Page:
Where is the Indian in Aztlán? The Changing Geographies of Indigeneity in the Era of Mass Migration
A talk by María Josefina Saldaña-Portillo (NYU), author of Indian Given (Duke UP 2016). With response by Chandan Reddy (University of Washington, Seattle), author of Freedom with Violence (Duke UP 2011)
Hundreds of thousands of indigenous peoples from Latin America have migrated to the United States since 1994, many traveling as family units. Zapotec is second only to Navajo as the most-spoken indigenous language in the United States, while Mixtec is part of the bilingual education curriculum in New York City. Latin American indigenous peoples in US cities and towns are bringing Latin American modes of defining indigeneity into sharp relief with US modes of defining it. How does a global era of mass migration require a hemispheric rethinking of indigeneity, and who gets to sing the nation-state now?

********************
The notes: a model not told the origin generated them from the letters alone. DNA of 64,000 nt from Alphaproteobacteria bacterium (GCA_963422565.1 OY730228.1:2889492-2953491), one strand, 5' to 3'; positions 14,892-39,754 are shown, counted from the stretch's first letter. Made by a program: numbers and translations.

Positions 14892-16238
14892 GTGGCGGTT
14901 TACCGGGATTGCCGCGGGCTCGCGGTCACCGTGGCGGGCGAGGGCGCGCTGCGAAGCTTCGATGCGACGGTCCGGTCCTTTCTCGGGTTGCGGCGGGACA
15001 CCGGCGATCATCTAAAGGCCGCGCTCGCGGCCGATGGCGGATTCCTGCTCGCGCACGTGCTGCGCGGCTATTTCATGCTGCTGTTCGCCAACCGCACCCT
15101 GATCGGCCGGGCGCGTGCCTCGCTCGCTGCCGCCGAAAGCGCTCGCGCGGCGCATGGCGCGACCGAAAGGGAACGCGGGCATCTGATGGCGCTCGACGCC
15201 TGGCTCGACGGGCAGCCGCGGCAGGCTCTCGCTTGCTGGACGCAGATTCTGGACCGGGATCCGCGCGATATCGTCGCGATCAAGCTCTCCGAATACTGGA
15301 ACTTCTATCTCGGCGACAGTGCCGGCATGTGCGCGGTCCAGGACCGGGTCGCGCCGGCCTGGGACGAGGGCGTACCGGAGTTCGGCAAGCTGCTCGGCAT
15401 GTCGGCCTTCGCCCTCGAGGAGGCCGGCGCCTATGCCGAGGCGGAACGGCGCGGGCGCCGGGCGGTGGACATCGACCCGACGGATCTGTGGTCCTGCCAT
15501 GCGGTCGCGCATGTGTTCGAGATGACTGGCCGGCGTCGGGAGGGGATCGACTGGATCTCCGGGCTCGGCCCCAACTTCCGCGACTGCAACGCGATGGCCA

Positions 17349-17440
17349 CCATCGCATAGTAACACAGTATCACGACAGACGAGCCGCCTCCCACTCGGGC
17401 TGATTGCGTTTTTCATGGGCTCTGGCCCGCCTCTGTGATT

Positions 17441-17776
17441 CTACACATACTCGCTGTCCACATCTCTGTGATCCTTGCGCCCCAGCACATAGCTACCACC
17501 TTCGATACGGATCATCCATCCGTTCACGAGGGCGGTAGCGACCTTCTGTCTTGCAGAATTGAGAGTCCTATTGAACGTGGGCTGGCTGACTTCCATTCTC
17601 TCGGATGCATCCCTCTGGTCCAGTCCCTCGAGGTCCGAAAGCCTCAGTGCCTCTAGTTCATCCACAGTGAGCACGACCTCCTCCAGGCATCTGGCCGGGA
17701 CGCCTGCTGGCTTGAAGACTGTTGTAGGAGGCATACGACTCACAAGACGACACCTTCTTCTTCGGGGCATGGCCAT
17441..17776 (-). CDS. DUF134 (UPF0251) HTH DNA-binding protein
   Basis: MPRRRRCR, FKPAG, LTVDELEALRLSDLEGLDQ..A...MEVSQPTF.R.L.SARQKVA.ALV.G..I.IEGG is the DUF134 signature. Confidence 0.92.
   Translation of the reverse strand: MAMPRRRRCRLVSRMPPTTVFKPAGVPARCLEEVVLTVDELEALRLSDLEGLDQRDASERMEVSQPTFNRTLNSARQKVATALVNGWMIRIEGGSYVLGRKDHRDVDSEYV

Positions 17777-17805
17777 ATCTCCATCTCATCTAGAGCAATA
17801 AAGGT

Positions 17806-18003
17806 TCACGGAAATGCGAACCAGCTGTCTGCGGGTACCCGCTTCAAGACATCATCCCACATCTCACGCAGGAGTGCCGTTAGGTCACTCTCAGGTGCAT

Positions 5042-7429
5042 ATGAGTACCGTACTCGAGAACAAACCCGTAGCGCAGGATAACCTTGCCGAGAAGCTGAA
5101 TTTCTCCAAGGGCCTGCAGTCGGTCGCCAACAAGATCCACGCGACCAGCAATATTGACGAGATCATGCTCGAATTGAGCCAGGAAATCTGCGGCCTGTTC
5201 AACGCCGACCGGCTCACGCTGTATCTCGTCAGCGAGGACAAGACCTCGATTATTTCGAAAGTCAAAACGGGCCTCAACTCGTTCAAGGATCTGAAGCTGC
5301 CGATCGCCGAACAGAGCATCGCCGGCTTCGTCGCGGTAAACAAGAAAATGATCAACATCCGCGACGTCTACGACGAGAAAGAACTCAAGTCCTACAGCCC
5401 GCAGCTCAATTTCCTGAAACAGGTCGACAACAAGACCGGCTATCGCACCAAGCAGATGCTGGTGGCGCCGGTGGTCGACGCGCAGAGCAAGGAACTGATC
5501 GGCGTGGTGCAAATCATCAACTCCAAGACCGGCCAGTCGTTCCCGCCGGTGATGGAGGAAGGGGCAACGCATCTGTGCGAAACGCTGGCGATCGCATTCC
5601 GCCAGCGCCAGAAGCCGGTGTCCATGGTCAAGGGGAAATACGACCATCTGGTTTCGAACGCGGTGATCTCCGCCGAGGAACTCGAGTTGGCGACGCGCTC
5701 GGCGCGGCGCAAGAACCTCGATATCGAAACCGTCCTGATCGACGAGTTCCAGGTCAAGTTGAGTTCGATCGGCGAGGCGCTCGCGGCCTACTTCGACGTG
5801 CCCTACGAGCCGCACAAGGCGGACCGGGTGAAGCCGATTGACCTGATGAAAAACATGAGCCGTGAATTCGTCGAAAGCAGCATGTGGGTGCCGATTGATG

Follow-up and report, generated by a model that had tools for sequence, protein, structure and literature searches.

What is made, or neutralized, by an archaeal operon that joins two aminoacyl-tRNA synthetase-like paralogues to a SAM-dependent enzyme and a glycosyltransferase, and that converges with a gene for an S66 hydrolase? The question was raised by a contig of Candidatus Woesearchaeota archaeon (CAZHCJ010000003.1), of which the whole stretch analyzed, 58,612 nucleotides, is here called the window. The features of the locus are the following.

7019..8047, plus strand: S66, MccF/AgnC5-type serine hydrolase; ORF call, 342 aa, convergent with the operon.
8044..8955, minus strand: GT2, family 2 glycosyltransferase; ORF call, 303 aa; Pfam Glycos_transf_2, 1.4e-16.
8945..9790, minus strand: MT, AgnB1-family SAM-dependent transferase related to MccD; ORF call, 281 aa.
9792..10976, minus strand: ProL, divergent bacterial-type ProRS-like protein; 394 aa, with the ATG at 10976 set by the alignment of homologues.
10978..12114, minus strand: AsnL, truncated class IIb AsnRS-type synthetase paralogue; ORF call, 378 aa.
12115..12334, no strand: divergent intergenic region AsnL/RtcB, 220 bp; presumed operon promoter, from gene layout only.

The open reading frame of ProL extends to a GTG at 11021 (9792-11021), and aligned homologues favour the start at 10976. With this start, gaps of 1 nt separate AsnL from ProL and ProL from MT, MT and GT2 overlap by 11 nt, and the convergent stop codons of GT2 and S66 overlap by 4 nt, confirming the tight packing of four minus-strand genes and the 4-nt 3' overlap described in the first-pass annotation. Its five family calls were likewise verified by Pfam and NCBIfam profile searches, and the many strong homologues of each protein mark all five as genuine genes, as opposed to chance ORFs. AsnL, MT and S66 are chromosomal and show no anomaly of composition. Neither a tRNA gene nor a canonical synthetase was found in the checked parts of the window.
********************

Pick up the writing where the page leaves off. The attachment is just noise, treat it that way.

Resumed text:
Co-sponsored by the Department of Comparative Literature
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